“The instant I speak concerning a nation and concerning a kingdom, to pluck up, to pull down, and to destroy it, if that nation against whom I have spoken turns from its evil, I will relent of the disaster that I thought to bring upon it.”
— Jeremiah 18:7–8
Do you ever stop and think about the freedom you enjoy in this country? Have you ever thanked someone who has fought for that freedom? We owe a tremendous debt to those men and women who have served in our armed forces so that we might remain free in this country. And yet we so often forget their sacrifices. All have sacrificed time. Some have sacrificed limbs or eyesight or hearing. Just walk around a veterans’ hospital one day, and look at the permanent wounds of those who have made some kind of sacrifice for this country.
But we so often take those sacrifices—and the reason they were made—for granted. Tragically, our country has forsaken, bit by bit, its original calling. Consequently, those who have served—including those who died in battle—might be dismayed at how far we’ve drifted from being one nation under God. One writer asked a disturbing question in a letter to the editor: “What would the veterans who died in World War I, World War II, Vietnam, and Korea [and the Gulf, we might add]—by the hundreds of thousands—say if they could see the lifestyle in the United States today? Would they say, ‘Is this what I gave my life for? Was it worth it?’” So many in our country have taken liberty too far, using the term to justify whatever they want to do.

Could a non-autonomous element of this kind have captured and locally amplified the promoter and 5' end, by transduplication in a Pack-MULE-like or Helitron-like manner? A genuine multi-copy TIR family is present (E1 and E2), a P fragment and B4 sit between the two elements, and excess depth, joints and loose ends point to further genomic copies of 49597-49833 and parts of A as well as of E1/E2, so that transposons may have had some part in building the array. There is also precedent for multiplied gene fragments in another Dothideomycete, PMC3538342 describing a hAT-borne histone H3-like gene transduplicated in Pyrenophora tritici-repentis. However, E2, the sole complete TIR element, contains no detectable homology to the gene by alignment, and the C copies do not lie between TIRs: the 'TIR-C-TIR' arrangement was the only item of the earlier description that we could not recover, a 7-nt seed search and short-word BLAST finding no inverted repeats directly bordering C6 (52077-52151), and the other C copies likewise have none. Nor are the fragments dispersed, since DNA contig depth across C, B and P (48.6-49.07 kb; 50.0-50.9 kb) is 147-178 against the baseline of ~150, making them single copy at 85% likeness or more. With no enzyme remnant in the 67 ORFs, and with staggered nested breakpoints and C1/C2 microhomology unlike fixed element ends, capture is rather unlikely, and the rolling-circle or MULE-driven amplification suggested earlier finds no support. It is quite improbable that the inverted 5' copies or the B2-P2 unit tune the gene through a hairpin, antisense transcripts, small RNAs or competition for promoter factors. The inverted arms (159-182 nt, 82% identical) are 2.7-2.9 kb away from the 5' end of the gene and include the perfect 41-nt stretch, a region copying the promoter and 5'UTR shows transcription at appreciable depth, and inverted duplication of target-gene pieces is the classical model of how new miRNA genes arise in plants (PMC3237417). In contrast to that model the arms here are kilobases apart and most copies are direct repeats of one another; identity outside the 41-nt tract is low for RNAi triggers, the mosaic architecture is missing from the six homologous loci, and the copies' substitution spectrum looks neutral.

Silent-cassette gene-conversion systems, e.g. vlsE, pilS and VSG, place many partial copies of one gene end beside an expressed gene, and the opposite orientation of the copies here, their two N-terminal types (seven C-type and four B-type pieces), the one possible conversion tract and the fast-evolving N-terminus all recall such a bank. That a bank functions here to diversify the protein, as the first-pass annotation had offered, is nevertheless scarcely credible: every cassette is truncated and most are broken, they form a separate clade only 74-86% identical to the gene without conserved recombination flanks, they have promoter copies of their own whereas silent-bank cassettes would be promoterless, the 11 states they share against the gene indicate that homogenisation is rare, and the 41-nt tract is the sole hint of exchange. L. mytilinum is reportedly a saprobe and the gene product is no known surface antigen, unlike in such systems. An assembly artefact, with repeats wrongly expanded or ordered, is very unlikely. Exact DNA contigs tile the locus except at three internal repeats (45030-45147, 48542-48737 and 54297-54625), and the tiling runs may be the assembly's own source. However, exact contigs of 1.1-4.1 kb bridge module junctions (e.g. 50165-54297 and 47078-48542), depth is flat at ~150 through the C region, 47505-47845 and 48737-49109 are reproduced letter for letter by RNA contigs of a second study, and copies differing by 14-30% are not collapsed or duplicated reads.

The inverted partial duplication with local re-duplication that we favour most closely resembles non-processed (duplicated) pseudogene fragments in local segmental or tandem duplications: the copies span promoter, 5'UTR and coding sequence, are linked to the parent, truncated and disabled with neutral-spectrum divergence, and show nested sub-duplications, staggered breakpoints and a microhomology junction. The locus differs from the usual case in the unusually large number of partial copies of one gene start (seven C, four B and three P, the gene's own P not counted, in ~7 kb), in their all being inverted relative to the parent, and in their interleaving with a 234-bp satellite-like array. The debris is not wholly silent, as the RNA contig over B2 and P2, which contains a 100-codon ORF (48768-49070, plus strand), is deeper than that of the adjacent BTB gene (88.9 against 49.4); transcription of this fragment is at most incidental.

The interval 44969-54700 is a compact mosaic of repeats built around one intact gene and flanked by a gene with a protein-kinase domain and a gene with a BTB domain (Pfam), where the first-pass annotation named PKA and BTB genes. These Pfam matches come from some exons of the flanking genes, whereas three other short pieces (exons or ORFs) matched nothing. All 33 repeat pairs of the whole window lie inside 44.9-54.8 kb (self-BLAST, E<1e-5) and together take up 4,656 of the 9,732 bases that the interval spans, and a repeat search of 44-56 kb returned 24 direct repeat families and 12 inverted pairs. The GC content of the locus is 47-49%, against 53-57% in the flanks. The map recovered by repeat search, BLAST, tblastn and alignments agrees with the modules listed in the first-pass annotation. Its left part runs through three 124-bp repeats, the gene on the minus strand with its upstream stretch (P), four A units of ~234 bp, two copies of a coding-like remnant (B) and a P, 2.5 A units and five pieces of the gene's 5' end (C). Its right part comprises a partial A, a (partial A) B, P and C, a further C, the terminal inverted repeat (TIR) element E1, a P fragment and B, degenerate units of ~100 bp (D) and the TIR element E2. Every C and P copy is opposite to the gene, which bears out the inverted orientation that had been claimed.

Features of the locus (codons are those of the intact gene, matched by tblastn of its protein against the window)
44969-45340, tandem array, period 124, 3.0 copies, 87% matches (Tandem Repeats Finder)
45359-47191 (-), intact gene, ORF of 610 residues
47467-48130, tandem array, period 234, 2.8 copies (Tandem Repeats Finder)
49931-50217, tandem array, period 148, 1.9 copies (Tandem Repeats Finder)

Today on Veterans Day, let’s remember those who served this country. Telephone or jot a note to a veteran, thanking that person for serving our country. Also, I ask you today to pray earnestly for our nation, that we would turn around and repent so that we may not lose our freedom, so that all those who have fought will not have done so in vain. God promises clemency for the nation that repents.